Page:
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We spent quite a while considering this for our place - we have a lot of timber available. In the end I was persuaded to keep space heating and hot water seperate. We have a ~5kw woodburner which is our only source of heat. Hot water via direct electric immersion, a lot from solar PV.

 

I'd be interested to know whether it can be done well though - my main concern was around overheating if we were reliant on it for hot water, but if there's another source like an ashp then that's dealt with. We only ever considered the boiler bit of the stove for DHW and I think it's maybe trickier that way.

 

Our hot water tank gives out a bit of heat - it's set to a high temp but we make good use of the heat in an airing cupboard and it doesn't noticeably effect the rest of the house.

 

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@davidc have you considered a log gasification boiler and a larger (~3000 litre) TS in an outbuilding and then you can utilise the biomass much better. I would still put a smaller UVC in the main house envelope as the primary hot water source along with the primary solar dump but it would even out your usage. You may find yoh can get RHI for the right set up and also it allows for segregation of heat sources. Your log burner then becomes a smaller focal point / secondary heat source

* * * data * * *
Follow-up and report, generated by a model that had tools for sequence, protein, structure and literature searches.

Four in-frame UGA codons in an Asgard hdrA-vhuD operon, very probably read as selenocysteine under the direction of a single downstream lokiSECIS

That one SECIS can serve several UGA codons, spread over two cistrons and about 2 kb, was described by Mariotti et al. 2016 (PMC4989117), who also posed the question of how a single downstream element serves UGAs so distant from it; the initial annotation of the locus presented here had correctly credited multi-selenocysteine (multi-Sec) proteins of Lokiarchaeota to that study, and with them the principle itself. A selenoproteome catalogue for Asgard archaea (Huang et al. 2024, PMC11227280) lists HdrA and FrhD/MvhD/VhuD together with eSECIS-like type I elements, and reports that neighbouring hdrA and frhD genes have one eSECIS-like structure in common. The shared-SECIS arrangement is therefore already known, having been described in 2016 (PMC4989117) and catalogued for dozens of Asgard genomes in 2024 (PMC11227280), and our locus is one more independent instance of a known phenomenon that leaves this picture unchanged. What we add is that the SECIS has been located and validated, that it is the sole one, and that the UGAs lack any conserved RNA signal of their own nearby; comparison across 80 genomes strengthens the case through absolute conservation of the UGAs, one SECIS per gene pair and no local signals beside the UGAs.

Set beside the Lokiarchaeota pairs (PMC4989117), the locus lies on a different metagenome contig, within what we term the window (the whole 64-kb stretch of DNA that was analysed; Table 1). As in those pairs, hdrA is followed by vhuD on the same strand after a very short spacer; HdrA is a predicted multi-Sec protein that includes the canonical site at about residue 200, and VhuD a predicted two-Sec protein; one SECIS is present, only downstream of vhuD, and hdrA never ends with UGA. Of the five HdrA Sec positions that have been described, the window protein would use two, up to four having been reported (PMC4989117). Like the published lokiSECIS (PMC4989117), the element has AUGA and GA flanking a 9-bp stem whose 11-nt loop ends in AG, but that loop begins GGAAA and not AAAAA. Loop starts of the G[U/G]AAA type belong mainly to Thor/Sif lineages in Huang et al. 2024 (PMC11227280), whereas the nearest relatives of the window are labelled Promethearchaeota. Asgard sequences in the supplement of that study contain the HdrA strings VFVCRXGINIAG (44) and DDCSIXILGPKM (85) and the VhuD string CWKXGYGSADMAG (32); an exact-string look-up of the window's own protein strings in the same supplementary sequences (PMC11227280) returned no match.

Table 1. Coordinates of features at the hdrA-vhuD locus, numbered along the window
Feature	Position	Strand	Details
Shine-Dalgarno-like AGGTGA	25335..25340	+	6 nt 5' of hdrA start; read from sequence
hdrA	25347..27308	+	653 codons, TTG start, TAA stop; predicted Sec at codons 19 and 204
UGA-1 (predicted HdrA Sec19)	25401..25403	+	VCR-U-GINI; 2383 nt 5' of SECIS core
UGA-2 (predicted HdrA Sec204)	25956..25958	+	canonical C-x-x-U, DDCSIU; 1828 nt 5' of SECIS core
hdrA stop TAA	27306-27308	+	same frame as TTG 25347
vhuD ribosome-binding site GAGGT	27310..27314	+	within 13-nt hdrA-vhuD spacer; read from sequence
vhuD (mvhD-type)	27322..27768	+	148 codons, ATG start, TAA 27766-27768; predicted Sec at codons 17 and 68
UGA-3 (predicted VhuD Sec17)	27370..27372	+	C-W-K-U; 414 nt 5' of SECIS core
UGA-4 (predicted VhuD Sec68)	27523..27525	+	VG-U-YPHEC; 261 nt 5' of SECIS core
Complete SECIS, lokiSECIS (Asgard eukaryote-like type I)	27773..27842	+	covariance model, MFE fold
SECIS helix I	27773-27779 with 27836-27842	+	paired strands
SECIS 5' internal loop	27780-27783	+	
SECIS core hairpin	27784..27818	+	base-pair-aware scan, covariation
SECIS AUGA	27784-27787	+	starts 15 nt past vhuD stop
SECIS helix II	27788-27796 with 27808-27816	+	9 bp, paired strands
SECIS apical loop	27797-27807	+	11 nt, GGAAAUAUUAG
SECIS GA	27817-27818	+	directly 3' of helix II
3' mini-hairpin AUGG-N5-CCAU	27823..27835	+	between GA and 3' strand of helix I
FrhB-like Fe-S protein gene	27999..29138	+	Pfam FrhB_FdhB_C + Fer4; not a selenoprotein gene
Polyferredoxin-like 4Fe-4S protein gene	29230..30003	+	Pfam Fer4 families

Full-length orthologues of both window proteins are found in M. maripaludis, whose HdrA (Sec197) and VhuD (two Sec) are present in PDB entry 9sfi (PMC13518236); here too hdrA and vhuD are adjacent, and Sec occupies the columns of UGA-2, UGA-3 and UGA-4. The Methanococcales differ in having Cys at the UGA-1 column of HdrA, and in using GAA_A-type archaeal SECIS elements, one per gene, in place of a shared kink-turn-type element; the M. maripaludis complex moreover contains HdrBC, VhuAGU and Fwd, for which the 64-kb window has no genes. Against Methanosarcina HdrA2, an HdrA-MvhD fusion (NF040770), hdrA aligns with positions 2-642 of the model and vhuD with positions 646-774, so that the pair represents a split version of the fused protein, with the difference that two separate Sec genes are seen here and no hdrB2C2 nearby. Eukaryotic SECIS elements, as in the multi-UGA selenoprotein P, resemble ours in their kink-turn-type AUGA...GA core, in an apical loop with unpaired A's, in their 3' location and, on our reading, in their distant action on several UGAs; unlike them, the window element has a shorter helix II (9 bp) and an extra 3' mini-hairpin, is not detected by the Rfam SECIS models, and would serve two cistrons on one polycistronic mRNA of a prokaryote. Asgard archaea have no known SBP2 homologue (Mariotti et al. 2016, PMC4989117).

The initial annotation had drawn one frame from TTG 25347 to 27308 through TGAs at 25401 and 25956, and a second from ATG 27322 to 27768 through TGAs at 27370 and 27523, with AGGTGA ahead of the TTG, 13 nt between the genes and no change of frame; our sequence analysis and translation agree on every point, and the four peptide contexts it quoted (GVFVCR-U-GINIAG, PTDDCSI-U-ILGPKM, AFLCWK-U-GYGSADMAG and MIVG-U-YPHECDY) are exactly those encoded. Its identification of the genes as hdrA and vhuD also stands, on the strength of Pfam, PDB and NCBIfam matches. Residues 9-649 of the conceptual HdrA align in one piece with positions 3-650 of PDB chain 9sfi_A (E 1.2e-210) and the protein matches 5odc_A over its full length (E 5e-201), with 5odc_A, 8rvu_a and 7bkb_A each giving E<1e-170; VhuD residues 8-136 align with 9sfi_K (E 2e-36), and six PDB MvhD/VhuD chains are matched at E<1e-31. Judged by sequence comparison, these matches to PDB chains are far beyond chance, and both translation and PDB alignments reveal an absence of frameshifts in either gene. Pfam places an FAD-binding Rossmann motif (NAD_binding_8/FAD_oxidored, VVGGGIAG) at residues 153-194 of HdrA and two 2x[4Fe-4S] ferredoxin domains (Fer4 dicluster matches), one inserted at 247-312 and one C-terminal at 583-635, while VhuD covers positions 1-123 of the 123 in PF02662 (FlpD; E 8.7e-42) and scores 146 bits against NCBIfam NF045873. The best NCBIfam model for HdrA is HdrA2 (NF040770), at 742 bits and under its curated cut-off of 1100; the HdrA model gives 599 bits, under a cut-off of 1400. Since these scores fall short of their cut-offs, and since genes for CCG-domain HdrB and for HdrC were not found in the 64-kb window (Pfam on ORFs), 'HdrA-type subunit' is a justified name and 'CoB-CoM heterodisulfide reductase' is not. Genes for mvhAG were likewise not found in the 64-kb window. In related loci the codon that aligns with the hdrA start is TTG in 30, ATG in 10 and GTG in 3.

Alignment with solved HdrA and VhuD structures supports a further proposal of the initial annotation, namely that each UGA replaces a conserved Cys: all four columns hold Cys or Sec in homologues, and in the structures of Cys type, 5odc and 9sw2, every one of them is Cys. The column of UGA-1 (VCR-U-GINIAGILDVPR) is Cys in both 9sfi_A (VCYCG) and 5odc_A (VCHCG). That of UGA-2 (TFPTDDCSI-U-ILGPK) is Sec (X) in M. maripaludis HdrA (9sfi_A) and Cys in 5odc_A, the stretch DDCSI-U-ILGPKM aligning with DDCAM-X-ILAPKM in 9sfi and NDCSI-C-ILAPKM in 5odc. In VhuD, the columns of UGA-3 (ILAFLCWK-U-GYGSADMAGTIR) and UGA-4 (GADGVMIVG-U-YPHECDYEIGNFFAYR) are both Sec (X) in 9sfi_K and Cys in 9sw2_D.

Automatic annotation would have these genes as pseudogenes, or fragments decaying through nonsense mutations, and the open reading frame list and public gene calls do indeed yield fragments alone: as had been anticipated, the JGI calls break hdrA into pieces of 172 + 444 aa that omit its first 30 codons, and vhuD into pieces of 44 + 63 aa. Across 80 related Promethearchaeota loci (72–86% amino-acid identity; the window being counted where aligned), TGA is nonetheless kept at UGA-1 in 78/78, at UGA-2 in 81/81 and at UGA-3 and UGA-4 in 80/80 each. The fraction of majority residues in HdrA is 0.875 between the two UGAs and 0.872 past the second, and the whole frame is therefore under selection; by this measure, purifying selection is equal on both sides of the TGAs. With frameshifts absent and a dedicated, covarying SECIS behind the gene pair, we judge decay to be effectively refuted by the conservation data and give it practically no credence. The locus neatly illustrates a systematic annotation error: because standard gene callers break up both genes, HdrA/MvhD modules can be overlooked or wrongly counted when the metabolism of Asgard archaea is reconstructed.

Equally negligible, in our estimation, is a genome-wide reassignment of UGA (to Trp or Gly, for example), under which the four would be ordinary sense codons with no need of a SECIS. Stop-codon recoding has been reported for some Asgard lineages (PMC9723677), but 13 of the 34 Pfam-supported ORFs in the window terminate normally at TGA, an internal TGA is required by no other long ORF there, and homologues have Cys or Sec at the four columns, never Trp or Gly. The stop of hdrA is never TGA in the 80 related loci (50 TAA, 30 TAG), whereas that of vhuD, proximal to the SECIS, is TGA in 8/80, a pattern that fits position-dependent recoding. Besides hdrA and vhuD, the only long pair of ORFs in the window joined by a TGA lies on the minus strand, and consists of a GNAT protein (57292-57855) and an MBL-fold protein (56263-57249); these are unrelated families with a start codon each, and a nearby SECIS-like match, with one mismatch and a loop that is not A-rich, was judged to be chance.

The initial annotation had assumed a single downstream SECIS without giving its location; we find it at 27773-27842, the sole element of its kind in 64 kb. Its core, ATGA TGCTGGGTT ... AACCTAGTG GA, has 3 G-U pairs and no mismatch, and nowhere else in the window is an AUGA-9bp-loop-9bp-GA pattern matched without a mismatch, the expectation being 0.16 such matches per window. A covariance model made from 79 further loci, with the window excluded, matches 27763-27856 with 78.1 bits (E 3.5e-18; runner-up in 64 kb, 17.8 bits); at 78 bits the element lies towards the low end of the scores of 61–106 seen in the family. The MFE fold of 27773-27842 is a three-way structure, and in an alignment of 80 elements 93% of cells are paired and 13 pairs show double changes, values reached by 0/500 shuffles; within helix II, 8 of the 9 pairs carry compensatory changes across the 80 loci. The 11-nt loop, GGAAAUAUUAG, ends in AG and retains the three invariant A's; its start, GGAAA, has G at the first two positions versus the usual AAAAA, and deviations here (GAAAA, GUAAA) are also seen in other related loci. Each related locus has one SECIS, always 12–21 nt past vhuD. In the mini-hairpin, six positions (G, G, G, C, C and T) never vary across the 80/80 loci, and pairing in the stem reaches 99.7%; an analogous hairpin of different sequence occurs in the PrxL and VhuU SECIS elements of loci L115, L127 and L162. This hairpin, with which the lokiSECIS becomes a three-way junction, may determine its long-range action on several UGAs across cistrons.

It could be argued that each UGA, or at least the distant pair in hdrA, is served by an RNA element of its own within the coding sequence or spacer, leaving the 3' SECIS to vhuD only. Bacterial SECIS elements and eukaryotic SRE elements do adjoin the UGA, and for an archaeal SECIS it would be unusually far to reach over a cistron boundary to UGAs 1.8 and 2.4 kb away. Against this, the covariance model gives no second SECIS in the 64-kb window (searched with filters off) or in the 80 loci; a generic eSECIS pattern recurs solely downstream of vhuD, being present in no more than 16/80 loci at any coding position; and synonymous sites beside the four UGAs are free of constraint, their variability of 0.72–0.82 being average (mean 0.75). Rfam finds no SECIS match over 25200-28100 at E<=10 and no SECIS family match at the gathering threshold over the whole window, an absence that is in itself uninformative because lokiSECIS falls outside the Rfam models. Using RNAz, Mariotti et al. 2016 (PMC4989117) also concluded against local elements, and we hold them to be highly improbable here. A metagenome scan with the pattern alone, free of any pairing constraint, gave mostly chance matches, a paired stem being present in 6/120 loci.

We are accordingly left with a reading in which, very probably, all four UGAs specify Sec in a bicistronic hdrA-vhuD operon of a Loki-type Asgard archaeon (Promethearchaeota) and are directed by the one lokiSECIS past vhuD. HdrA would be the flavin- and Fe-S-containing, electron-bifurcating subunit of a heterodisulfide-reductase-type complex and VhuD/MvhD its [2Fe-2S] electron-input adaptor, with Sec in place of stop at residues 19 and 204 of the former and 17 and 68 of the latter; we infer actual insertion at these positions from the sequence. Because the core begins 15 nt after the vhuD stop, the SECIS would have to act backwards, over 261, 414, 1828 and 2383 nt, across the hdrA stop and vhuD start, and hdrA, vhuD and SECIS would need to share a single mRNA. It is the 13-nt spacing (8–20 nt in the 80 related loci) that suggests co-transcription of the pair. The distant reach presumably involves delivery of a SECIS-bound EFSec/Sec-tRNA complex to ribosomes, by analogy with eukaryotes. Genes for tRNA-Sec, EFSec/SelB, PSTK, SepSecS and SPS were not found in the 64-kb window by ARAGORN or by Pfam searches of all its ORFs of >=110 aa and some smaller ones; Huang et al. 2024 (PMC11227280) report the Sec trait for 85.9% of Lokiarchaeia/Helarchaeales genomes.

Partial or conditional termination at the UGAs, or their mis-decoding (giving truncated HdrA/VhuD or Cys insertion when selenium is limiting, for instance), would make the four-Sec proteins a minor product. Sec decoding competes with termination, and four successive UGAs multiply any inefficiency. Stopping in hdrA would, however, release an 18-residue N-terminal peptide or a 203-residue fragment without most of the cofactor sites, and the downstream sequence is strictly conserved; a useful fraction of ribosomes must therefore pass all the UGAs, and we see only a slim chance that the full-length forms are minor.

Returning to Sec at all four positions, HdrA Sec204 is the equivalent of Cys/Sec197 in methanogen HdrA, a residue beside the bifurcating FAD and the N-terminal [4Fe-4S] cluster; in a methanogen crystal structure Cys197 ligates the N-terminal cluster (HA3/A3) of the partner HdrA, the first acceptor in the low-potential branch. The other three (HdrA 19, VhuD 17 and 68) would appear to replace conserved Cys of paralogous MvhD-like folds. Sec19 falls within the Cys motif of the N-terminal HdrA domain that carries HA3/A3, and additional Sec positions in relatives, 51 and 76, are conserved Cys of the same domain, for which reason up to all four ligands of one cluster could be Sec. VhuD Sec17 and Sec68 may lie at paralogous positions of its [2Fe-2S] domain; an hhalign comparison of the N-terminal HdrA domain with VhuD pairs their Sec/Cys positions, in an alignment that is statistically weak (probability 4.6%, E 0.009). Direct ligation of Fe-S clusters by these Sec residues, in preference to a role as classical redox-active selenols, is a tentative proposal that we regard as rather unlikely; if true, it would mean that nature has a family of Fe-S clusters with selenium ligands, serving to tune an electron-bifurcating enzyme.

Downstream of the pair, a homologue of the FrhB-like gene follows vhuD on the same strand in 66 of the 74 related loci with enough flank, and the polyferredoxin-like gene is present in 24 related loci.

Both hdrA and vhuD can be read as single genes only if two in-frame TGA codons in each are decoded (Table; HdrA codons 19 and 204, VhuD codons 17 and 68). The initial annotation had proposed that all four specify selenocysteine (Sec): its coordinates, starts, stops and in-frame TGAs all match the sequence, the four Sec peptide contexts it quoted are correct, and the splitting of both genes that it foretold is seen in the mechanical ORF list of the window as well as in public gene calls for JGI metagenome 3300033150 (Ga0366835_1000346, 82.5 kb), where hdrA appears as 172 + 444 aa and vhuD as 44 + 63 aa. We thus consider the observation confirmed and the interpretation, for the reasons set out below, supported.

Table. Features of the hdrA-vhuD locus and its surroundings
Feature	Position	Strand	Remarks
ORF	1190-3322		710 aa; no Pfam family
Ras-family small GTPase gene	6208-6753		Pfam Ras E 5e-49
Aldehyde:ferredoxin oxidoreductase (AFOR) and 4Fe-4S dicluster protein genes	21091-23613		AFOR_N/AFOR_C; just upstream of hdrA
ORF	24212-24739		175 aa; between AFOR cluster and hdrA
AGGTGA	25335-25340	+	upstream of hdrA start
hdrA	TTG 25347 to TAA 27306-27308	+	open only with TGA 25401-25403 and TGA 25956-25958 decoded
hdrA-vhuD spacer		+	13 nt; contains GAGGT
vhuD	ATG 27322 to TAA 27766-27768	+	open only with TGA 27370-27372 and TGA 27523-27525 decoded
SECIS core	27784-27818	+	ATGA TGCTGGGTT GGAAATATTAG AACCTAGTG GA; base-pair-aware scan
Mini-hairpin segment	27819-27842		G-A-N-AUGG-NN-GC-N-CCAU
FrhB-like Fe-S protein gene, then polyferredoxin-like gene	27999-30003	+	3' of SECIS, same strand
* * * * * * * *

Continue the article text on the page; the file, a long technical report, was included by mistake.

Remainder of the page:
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Posted (edited)

@jamieledI'm starting to think the only way I can do it well with a WBS and TS is the Tonwerk route which put about 1.3 kW to the room and approximately the same to water but at cost of ~£10k for the stove if my currency conversion is right, seems to me, like the tail would be wagging the dog in the sense I'd be spending a fair bit of extra cash just to save some cash.

 

@PeterW that is all new to me, thanks, the house is only 125 sq. m and the budget is fairly modest so perhaps going down that route I'd end up in the same position as above in terms exploiting the free fuel but adding to the build costs a fair bit ?

 

I did think about trying to find out if there was any mileage in getting a pellet maker and seeing if a pellet burning stove would change anything.